The NFL case for Jarrett Grace just got better


Of all the performances that drew attention at Notre Dame’s annual Pro Day, none were more eye-opening than Jarrett Grace‘s. The fifth-year senior linebacker, two-plus years removed from a leg injury that should’ve ended his football career, might have tested his way into a dream job.

Not by acing any interviews or showcasing the mental fortitude that allowed him to work his way back from the painstaking odyssey. Not by showcasing a trim and fit frame that’s 25-pounds lighter than the one that made nine tackles against Ohio State in the Fiesta Bowl.

But rather, Grace likely punched his ticket to an NFL training camp by running, jumping, lifting and moving like a legit NFL linebacker.

Grace’s Pro Day performance in front of 31 teams looked like that of a prototype inside linebacker. Standing nearly a half-inch taller than 6’3, he’s got the height team’s covet. At 240 pounds, he looked the part of an Underwear Olympics standout. And Grace’s explosiveness in short distances—shuttle and cone drill times that essentially matched guys like Amir Carlisle and Chris Brown—show a linebacker who is more than just a great story.

After the workout, Grace talked to reporters about the progress he’s made. And as you might expect, he doesn’t think this is the end of the road.

“To see where I’m at today, I’m definitely very pleased,” Grace said, according to the South Bend Tribune’s Mike Vorel. “I’m not done, though. I’ll tell you that. I’m not done. I think the best is in front of me.”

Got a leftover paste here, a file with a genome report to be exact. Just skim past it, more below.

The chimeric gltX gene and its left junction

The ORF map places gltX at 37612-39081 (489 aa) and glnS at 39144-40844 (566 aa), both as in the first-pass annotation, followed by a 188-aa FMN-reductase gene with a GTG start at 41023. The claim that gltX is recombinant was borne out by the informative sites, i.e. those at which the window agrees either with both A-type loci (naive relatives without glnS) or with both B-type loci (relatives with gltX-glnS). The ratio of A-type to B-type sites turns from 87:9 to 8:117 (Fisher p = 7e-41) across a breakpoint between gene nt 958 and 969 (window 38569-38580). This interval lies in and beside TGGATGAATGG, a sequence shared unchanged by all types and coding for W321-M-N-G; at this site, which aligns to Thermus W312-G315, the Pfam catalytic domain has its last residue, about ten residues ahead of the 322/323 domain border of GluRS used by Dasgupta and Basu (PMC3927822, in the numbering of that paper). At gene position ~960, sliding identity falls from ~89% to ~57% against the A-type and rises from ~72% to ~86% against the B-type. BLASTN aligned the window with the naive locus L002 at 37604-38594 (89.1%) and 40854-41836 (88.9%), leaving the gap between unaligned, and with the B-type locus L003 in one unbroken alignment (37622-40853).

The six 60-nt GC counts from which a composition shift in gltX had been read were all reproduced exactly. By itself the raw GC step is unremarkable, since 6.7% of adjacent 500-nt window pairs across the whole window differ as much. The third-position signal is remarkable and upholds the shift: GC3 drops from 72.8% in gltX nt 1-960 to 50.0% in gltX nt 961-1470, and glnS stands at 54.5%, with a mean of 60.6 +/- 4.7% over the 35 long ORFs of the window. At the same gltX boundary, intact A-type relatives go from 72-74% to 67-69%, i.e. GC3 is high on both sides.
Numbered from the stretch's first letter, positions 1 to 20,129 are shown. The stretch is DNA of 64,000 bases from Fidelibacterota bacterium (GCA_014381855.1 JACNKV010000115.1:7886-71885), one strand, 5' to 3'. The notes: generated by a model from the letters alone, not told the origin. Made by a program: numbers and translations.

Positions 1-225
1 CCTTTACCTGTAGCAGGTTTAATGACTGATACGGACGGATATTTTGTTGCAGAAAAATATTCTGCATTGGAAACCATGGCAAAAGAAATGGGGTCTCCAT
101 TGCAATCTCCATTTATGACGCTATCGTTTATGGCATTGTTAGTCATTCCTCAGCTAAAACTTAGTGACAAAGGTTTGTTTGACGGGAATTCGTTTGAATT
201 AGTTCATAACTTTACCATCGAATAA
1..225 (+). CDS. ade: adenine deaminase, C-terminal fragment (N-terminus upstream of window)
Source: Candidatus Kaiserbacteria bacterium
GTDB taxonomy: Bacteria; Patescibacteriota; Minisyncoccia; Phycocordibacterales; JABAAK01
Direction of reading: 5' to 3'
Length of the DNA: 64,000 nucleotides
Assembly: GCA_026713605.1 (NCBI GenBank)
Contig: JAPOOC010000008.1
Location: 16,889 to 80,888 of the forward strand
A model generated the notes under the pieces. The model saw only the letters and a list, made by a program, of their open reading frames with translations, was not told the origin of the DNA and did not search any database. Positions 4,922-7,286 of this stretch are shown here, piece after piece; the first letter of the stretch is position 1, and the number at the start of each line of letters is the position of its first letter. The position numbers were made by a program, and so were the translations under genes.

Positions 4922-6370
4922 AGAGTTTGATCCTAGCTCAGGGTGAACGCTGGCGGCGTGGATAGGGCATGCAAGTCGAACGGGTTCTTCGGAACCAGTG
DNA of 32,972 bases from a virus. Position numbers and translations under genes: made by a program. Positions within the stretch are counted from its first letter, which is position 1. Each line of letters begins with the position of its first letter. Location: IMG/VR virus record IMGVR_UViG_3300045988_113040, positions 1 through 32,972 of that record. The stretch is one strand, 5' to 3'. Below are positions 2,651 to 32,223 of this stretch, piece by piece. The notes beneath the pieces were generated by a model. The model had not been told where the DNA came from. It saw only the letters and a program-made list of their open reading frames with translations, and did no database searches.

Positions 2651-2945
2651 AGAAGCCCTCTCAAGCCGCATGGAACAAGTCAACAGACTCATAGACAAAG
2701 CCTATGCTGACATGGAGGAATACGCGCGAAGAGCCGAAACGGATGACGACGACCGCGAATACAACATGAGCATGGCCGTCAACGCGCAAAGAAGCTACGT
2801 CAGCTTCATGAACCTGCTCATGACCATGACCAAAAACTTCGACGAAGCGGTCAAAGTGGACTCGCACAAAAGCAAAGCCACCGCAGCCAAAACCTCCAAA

That Grace managed to put himself in a position to impress the NFL is a testament not just to the work he did to get back on the football field in 2015, but the time spent since the Fiesta Bowl. Taking a 17-credit load in Notre Dame’s MBA program is no joke. Doing that while training to ace performance-specific drills that most NFL prospects drop out of school to focus on? Very impressive.

In an interesting breakdown on Grace’s eventful Thursday,’s John Heisler detailed not just Grace’s job audition, but the road to get there. And this quote from Notre Dame strength coach Jake Flint crystalizes the Cincinnati native’s tenacity.

“He came to me as soon as the bowl game ended and said, ‘Can you help? I want to train and get a shot,’” Flint said. “We talked about a training program and he’s got his schedule with school and it needed to be a little flexible.

“So sometimes he came in and trained with our team and then sprinkled in some other things specifically for his Pro Day. But he’s a self-motivated kid. We built the goals and he executed it. What we did was less about football and more about some of these specific drills. He’s leaned up, and he’s done a great job.

“He was going to do whatever he needed to do. He did a lot of this by himself. We had a lot of good talks. I just tried to keep positive with him.

“He’s gonna go out there and he’s going to look good. We’ve seen what he can do and he’s going to get a shot and that’s all he wants. He’s here every day, and he’s positive and he has energy. He wants to give it one more go and see what he can do. He knows how to play and we all know that.”

Grace might not ever be the linebacker he was on track to be before that ugly injury against Arizona State. But the hard work he put in from that day forward—and the chance opportunity to play big minutes in the Fiesta Bowl after Jaylon Smith’s injury—opened the door.

Thanks to an impressive Thursday in front of 31 NFL teams, Grace’s chance of chasing his dream just got a lot better.